Now it’s time to explore the language settings of your emulator or device. To view and change the language/locale settings from the Home screen, click the Menu button and choose Settings->Language and Keyboard->Select Locale.

Try changing the locale to a foreign language you are familiar with.

Warning: Keep in mind that if you change the language and leave the Settings, you will need to be able to navigate back to the settings screen in that language. Memorizing, or writing down, the keystrokes to do this can simplify doing so.

Note how all the menus change to that language. Run the One Minute Phrasebook application in this locale. Note how the application does not appear any different than before you changed the locale—it still appears in English.

Now, change back to your favored locale. Mine is English (United States).

Android Phrasebook Locale Listing.

Note: The emulator has all locale options available in a given version of the Android SDK. However, specific devices may have a limited set of locales to choose from.

Step 10: Understanding How Android Manages Resources

Each time a screen is drawn within an Android application, the Android operating system attempts to match the best possible project resource for the job. In many cases, applications provide only one set of resources—the default resources.

When alternate resources are included with an application as part of their package, the Android operating system always attempts to load the most specific resources available.

Alternate resources can be created for many different criteria, including, but not limited to, languages and regions, screen characteristics and device input methods. Some common alternative resources are those for languages, locales and screen orientation (layouts especially). Criteria are organized hierarchically and each type of criteria can be used as a suffix on the appropriate project resource directory name.

Alternate resources must use the same names as the default resources. Android resource resolution is best shown by example. In this tutorial, we focus only on creating alternate resources for specific languages and regions.

Step 11: Create Alternate String Resources for the French-Speaking Countries

Now let’s say you want to add support for French-speaking regions. You can easily do this by adding alternate resource strings to the project. For example, you might leave the phrase labels in English, but translate the actual phrases into the French language.

You can add language resources to any project by creating specially named project directories. Simply take the existing project directory name (such as /res/values) and tack on a dash followed by the two letter language code, as defined in ISO 639-2. So, for example, English is en, French is fr, Spanish is es, German is de, etc.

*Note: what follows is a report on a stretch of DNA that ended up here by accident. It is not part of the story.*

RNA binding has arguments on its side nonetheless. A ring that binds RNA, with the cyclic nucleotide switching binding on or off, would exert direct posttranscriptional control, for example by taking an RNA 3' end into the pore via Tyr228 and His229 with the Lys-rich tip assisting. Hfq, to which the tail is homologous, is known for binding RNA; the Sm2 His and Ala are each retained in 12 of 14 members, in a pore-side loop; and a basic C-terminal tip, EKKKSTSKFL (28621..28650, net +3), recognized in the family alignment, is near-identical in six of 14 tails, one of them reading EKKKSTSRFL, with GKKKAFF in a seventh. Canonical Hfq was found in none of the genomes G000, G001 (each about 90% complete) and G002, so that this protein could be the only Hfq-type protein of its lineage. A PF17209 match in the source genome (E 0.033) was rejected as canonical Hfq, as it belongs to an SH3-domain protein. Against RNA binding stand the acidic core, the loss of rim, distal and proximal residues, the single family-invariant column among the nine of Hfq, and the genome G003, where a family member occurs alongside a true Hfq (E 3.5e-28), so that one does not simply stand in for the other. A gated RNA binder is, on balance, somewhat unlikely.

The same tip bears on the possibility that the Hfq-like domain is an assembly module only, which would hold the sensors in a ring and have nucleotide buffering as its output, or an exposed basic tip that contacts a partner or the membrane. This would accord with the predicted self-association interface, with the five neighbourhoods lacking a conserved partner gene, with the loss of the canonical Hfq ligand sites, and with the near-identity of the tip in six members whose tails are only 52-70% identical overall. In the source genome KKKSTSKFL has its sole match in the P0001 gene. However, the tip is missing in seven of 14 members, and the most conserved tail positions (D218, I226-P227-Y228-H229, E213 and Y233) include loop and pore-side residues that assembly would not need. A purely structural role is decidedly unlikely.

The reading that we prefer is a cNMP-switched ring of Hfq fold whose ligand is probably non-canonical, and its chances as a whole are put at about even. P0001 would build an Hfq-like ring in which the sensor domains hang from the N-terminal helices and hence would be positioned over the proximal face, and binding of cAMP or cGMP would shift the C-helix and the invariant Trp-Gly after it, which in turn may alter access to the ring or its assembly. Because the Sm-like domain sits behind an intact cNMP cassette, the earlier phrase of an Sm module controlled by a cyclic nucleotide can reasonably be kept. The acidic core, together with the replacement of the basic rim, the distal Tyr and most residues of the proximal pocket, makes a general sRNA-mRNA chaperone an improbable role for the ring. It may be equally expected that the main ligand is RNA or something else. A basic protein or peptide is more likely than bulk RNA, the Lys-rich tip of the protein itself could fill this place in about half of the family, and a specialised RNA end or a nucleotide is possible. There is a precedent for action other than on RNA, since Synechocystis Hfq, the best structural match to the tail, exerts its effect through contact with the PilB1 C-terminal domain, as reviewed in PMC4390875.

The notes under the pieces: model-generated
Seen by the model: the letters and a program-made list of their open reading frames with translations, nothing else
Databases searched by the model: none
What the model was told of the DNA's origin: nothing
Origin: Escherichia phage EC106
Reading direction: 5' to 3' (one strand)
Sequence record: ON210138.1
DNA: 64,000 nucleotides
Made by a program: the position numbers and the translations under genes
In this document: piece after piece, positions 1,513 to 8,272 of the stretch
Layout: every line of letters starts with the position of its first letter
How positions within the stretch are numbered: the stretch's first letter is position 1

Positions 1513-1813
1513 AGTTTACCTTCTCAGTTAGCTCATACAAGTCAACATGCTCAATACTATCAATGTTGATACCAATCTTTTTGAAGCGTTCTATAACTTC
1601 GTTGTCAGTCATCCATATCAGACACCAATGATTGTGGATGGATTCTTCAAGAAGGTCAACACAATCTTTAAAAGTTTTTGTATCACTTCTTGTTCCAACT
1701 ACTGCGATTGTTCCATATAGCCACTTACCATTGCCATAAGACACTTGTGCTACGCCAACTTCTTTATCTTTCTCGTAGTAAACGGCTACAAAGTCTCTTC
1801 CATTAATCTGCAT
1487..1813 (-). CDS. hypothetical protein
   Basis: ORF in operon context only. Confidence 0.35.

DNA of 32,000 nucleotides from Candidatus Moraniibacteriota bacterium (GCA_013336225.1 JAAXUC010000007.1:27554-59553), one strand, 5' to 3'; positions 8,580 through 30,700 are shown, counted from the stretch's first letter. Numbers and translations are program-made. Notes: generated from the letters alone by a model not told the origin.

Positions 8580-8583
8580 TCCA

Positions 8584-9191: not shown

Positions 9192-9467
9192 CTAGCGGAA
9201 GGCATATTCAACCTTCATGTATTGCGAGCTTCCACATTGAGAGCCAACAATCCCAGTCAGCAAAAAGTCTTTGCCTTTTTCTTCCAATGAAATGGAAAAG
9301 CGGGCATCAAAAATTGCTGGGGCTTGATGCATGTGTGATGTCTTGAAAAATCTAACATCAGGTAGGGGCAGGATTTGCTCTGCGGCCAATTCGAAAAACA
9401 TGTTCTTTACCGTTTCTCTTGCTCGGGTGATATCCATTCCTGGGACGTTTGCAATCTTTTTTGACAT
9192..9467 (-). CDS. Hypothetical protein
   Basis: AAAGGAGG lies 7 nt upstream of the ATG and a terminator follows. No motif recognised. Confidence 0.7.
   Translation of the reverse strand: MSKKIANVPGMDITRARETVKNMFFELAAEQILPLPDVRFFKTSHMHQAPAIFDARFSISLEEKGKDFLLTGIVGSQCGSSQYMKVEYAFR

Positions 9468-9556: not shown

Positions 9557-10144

You can add a single set of French translated strings in the /res/values-fr/strings.xml file. These strings will be loaded whenever a French-speaking locale setting is enabled. Any other locale settings will continue to use the default strings.

Each of the alternate resource strings must have the same name as the default resource used (stored in /res/values/strings.xml). The Android operating system will choose the most specific resource available at runtime. You do not need to provide translations for all strings, just the ones you want altered when a French-speaking locale setting is chosen.

The resulting /res/values-fr/strings.xml file should look something like this:

Note that you may need to quote resource strings if they contain single quotes themselves (such as “S'il vous plaît”).

Step 12: Create Alternate String Resources for Specific Countries

Now that you’ve determined the French string resources (the phrases) that can be shared across all French-speaking locales and regions, you want to create some alternate string resources for specific countries: Belguim, Canada, France and Switzerland.

Each country will need:

  • A locale region string
  • A CIA World Factbook URL string

The Android platform supports language-specific alternative resources (such as those created in the previous step). However, you cannot create region-specific resources without the language. Instead, you must include the language and the country code in the resource directory name.

To create resources specific to a region, you must use its language (in this case “fr”), followed by a dash, followed by its region code in the form “rXX” where XX is the region code for the country as defined by ISO 3166-1-alpha-2 code.

For example, the language and region codes for the French-speaking countries supported in Android would be:

Belgium: fr-rBE
Canada: fr-rCA
France: fr-rFR
Switzerland: fr-rCH

So, for example, you can create a strings.xml file in the /res/values-fr-rBE project directory for string values specifically for the French (Belgium) locale setting.

/res/values-fr-rBE/strings.xml might look like this: